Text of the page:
AUTHOR’S NOTE:  This week’s Friday Flashback features a book that came out a few years ago.  For all I know it may be out of print or there may only be a few copies left in circulation.  If you have aspirations of forming your own  band, at any level, (amateur, garage, hobbyist, semi-professional or professional) there is educational material within these pages for you to learn from.  The more selfish rationale for reviving this review was, I was completely and totally chuffed when, while reading the Bruford web page, I came across a link to the following review listed on Bruford’s ‘press’ page.  It’s those tiny moments in this avocation that make the hard work, manual labor and occasional dissension among the readers worth it.  Please enjoy!

Back when this blog was in syndication, I wrote an entry about Bill Bruford, announcing his retirement from public performance as of the first of the year.  I was angry, I was hurt, I felt abandoned, and most of all I was disappointed that one of the primary warriors of mundane music had laid down his small wooden swords for the last time.  I could not understand why the world’s greatest drummer would hang it up while he was still undeniably a force in the industry, the industry he labels as ‘the industry of human happiness’.

Sometimes you need a good autobiography to make things clear, to garner the inside perspective.  But be warned, and I was taken aback by what I encountered, the ending of this book is not what you would expect from a player of Bruford’s qualifications.

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EDDIE JOBSON “FOUR DECADES” TOUR & MASTER CLASS PERFORM AT WORLD CAFE LIVE PHILADELPHIA ON SUNDAY, APRIL 21st, 2013!

March 12, 2013

One of the few remaining ‘greats’ of the original progressive-rock movement, returns to the stage with his hand-picked band mates.

AUTHOR’S NOTE:  I have long been wanting to post something promoting the venue World Cafe Live in Philadelphia.  They undertook a mitosis in that they opened a sister club in Delaware.  This happened right about the time that we relocated Coming Age Conglomo from Allentown to Scranton PA, and shortly after the collapse of the blog syndication.  All of these elements had contributed to this fine, intimate venue being overlooked.  However, today, with the announcement of the death of Peter Banks, we felt it was time to not only celebrate the remaining pioneers of Progressive music, but to also exalt the amazing venue that is World Cafe Live.  From a recent press release of theirs, detailing the appearance of Eddie Jobson.  Perhaps if you can, why not get out and enjoy some of Prog’s founding father’s before they go the route of Bill Bruford and Robert Fripp and throw in the towel…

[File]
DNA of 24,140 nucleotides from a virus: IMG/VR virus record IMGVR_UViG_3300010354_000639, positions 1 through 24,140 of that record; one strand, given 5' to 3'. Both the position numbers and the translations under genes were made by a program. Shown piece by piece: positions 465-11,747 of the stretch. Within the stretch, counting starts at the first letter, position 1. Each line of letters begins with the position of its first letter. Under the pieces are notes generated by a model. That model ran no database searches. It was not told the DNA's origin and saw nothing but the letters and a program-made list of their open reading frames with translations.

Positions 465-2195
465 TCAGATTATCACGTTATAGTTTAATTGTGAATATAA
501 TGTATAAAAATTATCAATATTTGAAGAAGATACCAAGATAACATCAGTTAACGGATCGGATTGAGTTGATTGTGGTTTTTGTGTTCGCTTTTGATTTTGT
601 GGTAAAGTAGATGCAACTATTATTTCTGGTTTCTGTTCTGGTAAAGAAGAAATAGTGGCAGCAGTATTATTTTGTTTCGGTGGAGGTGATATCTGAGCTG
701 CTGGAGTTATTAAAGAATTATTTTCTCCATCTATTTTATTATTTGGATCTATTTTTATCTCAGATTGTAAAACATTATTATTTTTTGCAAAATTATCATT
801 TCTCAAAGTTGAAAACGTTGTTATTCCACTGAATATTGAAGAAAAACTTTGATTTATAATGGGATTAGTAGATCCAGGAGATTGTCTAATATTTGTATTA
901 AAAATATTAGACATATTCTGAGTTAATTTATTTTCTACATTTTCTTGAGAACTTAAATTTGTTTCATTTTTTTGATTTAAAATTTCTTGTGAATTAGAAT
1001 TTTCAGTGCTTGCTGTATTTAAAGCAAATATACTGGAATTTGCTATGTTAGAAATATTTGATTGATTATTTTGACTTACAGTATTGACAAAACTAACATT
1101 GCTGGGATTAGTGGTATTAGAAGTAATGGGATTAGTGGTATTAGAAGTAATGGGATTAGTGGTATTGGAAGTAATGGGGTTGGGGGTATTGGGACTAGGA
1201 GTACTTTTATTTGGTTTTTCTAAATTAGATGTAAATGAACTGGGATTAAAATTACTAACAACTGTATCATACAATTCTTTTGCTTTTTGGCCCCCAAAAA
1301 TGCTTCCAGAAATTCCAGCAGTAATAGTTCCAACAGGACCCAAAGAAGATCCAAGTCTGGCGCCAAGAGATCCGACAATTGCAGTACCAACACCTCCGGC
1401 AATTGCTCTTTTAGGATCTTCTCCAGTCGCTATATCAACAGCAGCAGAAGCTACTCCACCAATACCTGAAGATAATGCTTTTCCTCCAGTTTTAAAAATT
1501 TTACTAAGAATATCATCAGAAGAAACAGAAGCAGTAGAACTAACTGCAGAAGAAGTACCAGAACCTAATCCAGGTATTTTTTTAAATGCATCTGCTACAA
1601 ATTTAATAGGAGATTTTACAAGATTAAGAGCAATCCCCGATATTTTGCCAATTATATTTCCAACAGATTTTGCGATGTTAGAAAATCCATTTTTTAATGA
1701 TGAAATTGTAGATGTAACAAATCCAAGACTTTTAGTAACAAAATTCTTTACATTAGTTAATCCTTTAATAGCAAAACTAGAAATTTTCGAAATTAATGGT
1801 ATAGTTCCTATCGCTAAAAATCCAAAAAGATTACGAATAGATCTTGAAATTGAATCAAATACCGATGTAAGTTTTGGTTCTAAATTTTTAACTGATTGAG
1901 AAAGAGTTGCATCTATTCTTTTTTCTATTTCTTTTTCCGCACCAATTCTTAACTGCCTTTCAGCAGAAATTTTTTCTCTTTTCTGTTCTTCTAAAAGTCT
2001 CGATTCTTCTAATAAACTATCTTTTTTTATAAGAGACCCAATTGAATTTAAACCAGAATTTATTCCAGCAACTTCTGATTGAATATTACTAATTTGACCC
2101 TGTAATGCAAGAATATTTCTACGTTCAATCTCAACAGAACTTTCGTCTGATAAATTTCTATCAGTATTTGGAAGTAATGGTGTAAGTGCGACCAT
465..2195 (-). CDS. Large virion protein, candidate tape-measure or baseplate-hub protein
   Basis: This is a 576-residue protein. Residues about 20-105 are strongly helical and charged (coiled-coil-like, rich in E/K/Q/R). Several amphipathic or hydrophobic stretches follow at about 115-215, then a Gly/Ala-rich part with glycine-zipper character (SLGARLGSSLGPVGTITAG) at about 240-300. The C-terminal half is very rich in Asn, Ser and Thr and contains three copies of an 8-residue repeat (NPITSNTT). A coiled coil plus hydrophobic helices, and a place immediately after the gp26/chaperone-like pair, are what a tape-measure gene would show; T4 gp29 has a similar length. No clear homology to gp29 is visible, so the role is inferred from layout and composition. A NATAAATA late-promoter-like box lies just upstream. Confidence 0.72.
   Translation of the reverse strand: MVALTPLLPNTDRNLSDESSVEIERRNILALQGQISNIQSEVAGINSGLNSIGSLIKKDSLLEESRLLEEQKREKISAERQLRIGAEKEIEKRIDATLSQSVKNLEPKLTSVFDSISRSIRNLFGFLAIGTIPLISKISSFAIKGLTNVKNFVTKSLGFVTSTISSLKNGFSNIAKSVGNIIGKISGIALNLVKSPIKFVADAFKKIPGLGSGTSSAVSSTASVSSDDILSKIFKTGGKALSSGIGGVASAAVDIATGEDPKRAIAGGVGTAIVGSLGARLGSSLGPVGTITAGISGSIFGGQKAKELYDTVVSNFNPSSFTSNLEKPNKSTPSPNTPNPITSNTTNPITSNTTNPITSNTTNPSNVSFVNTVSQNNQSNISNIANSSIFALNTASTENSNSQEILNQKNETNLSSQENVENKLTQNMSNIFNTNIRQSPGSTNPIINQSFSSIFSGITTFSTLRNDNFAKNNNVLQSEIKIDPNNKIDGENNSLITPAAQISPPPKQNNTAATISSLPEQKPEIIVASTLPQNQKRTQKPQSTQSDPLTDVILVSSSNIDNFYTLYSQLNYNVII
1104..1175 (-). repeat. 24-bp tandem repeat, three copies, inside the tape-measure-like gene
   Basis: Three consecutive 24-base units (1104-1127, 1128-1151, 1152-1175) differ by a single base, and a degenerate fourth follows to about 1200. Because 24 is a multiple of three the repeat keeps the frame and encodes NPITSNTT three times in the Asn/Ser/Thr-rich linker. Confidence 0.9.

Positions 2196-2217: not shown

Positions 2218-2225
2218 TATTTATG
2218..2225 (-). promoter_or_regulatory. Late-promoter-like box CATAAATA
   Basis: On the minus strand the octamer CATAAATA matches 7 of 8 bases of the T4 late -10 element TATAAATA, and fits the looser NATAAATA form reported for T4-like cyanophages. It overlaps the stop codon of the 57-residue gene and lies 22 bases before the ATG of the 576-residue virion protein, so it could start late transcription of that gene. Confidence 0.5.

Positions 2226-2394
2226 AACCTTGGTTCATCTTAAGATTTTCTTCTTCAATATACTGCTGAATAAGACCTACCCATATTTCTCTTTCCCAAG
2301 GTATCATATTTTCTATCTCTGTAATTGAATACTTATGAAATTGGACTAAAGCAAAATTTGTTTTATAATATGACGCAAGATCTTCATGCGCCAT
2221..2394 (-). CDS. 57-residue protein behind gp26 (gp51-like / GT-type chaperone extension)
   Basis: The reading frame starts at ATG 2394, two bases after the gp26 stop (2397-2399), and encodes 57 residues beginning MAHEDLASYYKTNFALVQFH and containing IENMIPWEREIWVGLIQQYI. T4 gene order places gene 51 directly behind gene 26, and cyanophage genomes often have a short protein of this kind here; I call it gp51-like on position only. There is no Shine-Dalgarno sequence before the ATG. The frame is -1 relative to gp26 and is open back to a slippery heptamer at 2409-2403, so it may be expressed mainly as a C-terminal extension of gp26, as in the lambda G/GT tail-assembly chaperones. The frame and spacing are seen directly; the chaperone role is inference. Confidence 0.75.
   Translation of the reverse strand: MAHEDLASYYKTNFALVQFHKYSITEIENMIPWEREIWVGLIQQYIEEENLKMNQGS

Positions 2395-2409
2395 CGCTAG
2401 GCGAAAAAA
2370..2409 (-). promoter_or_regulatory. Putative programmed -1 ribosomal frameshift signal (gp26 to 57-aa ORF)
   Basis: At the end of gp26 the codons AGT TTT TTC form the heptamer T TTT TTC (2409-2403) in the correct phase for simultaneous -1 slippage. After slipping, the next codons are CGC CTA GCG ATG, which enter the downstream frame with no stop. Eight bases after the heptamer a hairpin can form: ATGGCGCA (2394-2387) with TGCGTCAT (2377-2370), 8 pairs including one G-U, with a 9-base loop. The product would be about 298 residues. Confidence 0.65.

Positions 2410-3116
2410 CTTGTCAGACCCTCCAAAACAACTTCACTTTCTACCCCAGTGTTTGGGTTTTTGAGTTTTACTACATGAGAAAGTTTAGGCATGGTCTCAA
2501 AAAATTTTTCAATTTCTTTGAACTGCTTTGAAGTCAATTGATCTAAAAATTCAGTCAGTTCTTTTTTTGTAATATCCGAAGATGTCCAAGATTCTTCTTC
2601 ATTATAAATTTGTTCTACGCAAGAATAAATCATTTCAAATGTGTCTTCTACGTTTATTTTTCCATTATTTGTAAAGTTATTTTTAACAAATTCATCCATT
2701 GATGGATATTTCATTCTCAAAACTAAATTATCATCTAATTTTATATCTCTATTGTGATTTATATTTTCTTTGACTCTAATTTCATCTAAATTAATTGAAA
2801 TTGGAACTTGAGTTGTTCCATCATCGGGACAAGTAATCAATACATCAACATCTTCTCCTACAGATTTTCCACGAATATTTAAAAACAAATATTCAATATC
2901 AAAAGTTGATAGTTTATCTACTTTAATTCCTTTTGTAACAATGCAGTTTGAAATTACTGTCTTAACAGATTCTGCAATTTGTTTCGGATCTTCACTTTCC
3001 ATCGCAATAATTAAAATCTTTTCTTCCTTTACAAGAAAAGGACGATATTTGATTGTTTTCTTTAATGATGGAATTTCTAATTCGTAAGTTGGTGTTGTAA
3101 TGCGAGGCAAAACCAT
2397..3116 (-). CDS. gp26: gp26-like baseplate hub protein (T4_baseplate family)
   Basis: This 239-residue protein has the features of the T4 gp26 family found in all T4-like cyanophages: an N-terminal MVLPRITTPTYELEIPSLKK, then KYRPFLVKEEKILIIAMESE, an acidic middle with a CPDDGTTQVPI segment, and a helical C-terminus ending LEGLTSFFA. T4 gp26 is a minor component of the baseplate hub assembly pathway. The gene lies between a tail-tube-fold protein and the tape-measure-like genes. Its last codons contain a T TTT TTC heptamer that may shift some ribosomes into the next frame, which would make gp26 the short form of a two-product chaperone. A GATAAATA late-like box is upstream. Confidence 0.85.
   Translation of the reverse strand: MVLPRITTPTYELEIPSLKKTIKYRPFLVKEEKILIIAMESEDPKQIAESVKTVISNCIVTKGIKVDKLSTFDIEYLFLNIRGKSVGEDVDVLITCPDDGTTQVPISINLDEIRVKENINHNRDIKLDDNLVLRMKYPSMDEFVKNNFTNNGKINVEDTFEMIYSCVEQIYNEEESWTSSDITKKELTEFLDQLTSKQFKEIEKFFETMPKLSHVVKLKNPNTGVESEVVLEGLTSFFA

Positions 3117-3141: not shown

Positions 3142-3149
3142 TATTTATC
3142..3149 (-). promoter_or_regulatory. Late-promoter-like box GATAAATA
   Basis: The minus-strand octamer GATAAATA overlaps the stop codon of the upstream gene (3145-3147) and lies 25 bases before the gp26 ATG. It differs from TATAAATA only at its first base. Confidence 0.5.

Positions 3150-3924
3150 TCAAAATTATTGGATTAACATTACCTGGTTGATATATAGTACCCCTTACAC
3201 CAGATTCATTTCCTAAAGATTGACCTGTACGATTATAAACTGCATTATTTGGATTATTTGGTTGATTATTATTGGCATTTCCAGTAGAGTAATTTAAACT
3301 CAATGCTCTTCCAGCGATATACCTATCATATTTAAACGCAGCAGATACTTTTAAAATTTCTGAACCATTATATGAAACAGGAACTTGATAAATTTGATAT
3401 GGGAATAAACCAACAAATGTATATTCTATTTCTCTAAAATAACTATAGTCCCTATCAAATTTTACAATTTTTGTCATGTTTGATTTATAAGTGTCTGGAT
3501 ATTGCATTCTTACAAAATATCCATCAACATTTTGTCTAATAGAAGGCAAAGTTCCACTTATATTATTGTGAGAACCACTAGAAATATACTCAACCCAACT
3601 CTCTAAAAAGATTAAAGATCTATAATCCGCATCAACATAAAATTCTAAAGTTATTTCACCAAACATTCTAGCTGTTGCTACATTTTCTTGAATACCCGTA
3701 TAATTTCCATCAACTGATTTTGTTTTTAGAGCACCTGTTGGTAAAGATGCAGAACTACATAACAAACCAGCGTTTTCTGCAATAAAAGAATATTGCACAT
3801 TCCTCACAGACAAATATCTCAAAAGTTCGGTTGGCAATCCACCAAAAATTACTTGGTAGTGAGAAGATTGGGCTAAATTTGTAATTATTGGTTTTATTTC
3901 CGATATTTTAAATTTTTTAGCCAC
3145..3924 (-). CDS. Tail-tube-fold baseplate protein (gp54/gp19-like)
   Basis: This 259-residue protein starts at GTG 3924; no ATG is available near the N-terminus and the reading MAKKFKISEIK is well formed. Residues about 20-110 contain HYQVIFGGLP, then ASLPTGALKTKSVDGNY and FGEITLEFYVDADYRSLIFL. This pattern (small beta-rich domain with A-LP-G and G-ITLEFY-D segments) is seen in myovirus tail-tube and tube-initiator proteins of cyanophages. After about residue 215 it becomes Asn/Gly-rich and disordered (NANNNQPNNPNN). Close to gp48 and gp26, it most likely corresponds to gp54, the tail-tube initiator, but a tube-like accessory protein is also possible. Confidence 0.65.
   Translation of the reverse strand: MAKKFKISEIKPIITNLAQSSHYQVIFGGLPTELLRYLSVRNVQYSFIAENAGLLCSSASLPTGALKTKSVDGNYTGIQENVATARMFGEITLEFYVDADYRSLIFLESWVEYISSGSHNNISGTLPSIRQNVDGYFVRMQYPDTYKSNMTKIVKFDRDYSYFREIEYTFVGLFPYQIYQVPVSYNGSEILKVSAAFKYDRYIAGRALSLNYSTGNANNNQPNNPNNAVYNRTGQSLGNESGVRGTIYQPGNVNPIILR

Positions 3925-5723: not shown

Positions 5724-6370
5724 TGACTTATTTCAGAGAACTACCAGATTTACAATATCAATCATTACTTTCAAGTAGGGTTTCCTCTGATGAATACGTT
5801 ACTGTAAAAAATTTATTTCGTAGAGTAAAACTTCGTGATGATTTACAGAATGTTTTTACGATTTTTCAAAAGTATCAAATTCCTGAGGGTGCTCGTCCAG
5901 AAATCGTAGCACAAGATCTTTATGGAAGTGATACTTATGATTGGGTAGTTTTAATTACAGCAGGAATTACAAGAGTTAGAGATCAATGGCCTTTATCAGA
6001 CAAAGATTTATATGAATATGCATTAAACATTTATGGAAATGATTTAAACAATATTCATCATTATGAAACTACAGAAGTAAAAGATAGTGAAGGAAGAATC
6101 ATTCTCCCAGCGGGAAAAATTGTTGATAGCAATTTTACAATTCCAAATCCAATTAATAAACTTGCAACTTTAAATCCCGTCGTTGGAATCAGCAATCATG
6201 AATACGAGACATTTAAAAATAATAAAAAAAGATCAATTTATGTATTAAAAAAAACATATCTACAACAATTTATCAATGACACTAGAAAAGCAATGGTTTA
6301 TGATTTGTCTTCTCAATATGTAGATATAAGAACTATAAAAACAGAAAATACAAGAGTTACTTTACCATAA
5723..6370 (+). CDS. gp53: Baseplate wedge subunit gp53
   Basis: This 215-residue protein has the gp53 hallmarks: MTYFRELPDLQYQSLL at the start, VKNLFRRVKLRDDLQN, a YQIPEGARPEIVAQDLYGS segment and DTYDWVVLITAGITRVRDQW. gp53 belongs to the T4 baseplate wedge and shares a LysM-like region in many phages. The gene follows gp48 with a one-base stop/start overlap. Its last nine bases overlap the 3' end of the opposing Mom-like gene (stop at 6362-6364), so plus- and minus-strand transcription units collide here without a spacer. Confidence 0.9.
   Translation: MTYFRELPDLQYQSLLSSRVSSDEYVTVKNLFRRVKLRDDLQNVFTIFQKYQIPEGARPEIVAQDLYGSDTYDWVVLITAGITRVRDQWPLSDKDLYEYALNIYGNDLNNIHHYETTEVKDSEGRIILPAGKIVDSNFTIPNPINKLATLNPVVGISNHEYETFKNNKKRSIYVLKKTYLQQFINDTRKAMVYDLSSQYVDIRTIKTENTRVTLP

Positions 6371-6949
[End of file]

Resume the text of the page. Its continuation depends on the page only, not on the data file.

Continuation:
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Philadelphia, PA – March 12, 2013 – Eddie Jobson, an internationally recognized electric-violin pioneer and keyboard icon, will be sharing his talent with fans at World Cafe Live on Sunday, April 21st, 2013.  The English born musician is considered a forerunner in the progressive rock and experimental rock movements.  Performing in a variety of progressive rock bands including, Curved Air, Roxy Music, Zappa, U.K. and UKZ, Jobson has also spent time on a solo career.

On Sunday, April 21st, fans will be treated to an up-close and personal experience with the talented musician.  Performing music from his past bands, as well as some never-before-performed music from his acclaimed solo albums, audiences are sure to be amazed by the talent they witness on the stage.    Jobson handpicked his band for his ‘Four Decades’ tour, which comprises of Marc Bonilla, Billy Sherwood, Alex Machacek, and Virgil Donati.

VIP ticket holders will also enjoy a pre-concert “Master Class with the Maestro” where Eddie will share his considerable knowledge of music, including the physics of sound and an understanding of the language of harmony. Tickets are currently on sale for the show and can be purchased online at www.worldcafelive.com or by calling the box office at 215-222-1400.

For more information regarding this performance or any press inquiries, please email dferrari@worldcafelive.com

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More information about this tour is available from the Bob Moog Foundation Facebook page:

Legendary synthesist, violinist, composer, and producer Eddie Jobson/UK Official fanpage announces a retrospective “Four Decades” North American tour.

From Eddie directly “These concerts are a one-time-only retrospective of my 50 years of creating music and 40 years of recording, covering my work with Curved AirRoxy MusicFrank Zappa, U.K. and UKZ, and including first-time-ever performances of music from my Zinc/Green Album and Theme of Secrets mixed in with the U.K. classics. There will also be integrated video tying in my other associations with Jethro Tull, Yes, King Crimson, the Bulgarian Women’s Choir and more.”

This retrospective concert combined with pre-show master class by Eddie is a once in a lifetime opportunity not to be missed. Find out more here: http://www.eddiejobsontour.com/